Modern day "motorcycle of the air" aircraft class?

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erkki67

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Ive been flying with trikes fore some years, it was never a problem with the legs out in the wind.

of course, if the fuselage would get a bit wider to sit in, you would gain some knots of airspeed, but the sit on top is not for speed demons.
 

cluttonfred

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Does the Aeromax 1+1 solo from the front seat or the back? With a very light aircraft, often the latter is preferable to limit CG travel with and without a passenger.
 

Victor Bravo

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I own a reubuilder project that has this "1+1" seating arrangement, and it is a joke. It's just not realistic, having actually sat in the airplane and imagined anyone else in there with me.

For whatever it may be worth to the sketchers and dreamers and SolidWorks artists... I humbly suggest that before you invest any time or money into a 1+1 airplane, make a plywood mock-up of the cockpit or cabin and sit in there with your significant other, or friend, or main squeeze, or grandkids, etc. and determine whether you could actually fly safely.
 

Victor Bravo

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"Possible", of course it is possible. I have no experience at all with weight shift trikes, so maybe it is a completely worthwhile configuration in a trike. Perhaps because the control of a trike is different???

Any aircraft or air vehicle where the pilot and passenger are uncomfortable, or could not move around freely, or would be highly impaired in an emergency exit - just doesn't make sense to me.

I certainly realize millions of people ride motorcycles that way.
 

ScaleBirdsScott

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What's the difference between 1+1 and just a compact 2-seat tandem? Is it the lack of passenger controls? Or more how tightly packed the passenger is?
 

cluttonfred

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I would say both as it's possible to be tightly packed with dual controls or have lots of space but no dual controls. Another factor might be whether or not you can carry full fuel with a typical passenger.

What's the difference between 1+1 and just a compact 2-seat tandem? Is it the lack of passenger controls? Or more how tightly packed the passenger is?
 

ARP

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Actually almost every 2seat trike is a 1+1 configuration. So why shouldn't this be possible in 3-axis bird?
On a weight shift trike the CG works through the pivot point and so the CG remains in a constant position. I guess if you were to suspend the pilot+1 in a 3-axis within a pivoting cage then it might work but control linkages would be a nightmare!
 

thjakits

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Hey Fred,

did you ever start to build or are you still contemplating? (I know the feeling!!)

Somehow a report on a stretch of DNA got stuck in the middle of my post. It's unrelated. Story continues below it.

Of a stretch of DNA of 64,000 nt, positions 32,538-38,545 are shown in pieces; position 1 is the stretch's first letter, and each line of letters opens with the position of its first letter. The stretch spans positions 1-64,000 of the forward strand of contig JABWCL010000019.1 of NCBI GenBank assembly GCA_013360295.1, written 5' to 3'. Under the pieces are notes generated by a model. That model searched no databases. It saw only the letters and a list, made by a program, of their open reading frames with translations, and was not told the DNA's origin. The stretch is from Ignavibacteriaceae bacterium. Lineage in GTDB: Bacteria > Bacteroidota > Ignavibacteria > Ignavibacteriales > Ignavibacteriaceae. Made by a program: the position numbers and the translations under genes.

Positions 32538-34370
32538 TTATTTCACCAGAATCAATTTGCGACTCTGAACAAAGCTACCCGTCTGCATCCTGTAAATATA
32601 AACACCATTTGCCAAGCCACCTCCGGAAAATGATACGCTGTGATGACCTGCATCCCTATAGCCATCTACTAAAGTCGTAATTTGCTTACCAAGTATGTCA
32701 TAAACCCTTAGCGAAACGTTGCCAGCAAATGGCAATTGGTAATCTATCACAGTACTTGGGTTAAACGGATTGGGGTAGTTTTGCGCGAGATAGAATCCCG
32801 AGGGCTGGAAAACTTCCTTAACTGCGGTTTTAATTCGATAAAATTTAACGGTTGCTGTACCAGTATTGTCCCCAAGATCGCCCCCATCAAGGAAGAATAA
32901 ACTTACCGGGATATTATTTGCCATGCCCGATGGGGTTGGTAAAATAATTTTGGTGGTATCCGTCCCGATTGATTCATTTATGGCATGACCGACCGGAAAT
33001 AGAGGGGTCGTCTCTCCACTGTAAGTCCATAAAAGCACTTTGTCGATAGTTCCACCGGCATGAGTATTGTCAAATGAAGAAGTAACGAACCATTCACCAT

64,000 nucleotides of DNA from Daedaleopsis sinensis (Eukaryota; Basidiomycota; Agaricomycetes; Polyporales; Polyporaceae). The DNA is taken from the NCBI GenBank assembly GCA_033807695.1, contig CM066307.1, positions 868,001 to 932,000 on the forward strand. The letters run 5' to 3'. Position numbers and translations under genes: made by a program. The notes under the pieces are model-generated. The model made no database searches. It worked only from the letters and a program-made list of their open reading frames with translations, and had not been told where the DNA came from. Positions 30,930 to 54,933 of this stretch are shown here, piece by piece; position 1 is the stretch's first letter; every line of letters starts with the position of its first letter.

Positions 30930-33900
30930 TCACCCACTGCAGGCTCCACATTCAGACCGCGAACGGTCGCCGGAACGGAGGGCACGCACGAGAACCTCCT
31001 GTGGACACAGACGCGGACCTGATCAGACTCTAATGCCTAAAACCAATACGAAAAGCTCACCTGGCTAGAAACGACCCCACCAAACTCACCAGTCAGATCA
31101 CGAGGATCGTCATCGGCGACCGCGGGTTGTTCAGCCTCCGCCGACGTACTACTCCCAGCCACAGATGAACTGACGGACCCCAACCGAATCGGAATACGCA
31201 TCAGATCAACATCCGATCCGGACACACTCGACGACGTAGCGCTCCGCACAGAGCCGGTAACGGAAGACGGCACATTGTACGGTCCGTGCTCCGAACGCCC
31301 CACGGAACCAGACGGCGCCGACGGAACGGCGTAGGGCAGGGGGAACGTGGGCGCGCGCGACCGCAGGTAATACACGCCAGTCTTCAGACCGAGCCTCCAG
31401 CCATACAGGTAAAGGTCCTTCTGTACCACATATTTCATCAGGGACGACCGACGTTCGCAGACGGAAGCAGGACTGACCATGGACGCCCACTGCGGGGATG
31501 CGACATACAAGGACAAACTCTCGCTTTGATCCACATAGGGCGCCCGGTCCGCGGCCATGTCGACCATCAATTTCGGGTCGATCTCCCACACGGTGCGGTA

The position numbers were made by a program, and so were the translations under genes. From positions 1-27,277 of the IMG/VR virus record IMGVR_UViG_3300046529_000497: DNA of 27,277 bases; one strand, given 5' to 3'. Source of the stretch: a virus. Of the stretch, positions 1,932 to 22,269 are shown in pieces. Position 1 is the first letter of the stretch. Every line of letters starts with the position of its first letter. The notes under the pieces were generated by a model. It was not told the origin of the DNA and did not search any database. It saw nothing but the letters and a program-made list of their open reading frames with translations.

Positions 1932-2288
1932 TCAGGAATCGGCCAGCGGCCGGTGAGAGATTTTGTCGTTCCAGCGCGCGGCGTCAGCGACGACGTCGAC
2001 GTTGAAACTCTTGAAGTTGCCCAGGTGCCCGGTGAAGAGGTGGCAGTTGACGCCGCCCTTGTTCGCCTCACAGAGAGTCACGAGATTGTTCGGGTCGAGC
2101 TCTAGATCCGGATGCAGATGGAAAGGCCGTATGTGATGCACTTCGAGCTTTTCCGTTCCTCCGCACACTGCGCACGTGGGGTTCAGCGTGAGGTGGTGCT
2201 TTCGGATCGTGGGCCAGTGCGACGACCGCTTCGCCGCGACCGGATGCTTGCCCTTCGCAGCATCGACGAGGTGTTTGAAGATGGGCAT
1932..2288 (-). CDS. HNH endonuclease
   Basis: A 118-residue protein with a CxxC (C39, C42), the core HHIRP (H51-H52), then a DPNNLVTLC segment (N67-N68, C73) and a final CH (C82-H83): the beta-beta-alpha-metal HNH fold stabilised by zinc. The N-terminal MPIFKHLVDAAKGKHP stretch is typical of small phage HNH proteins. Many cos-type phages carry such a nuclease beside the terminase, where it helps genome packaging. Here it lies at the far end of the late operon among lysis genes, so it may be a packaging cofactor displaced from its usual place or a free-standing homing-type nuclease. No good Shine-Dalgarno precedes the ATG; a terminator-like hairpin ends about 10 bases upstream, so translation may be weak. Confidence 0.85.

As it looks - a few of your original requirements are quite contradictory - did you ever update the requirements?

As I see it you have an interesting selection to build towards:

- Cri-Cri with 2 turbines
- Hummel Bird - although that will need a few horses to run well
- Build your own single version of a Vari-Eze
- THIS -
and
- HORTEN style flying wing/BWB with prone pilot position

All would comply with your requirment of mostly unimpeded view...

thjakits
 

Topaz

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A question...

How does the drag having your legs out like that, compared to just making the thing a bit wider?
There is nothing about any aircraft in this thread that's about "performance." Drag reduction is not a consideration, any more than it is for ultralights, and for similar reasons.

Is the Plank buildable as a Bushplane with the touch of Fritz Designelements?
Flying planks in particular, and tailless aircraft in general, make poor-to-totally-inadequate "bush" aircraft. Planks do not have a lot of pitch authority to rotate on rough ground, and that lack of pitch authority means the main wheel is almost directly on the CG. Very easy to tip the airplane back onto its (lack of) tail.

These are essentially hard-surface-runway aircraft, or well-groomed grass.
 

erkki67

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There is nothing about any aircraft in this thread that's about "performance." Drag reduction is not a consideration, any more than it is for ultralights, and for similar reasons.



Flying planks in particular, and tailless aircraft in general, make poor-to-totally-inadequate "bush" aircraft. Planks do not have a lot of pitch authority to rotate on rough ground, and that lack of pitch authority means the main wheel is almost directly on the CG. Very easy to tip the airplane back onto its (lack of) tail.

These are essentially hard-surface-runway aircraft, or well-groomed grass.
And what about a nose wheel bush version?
 
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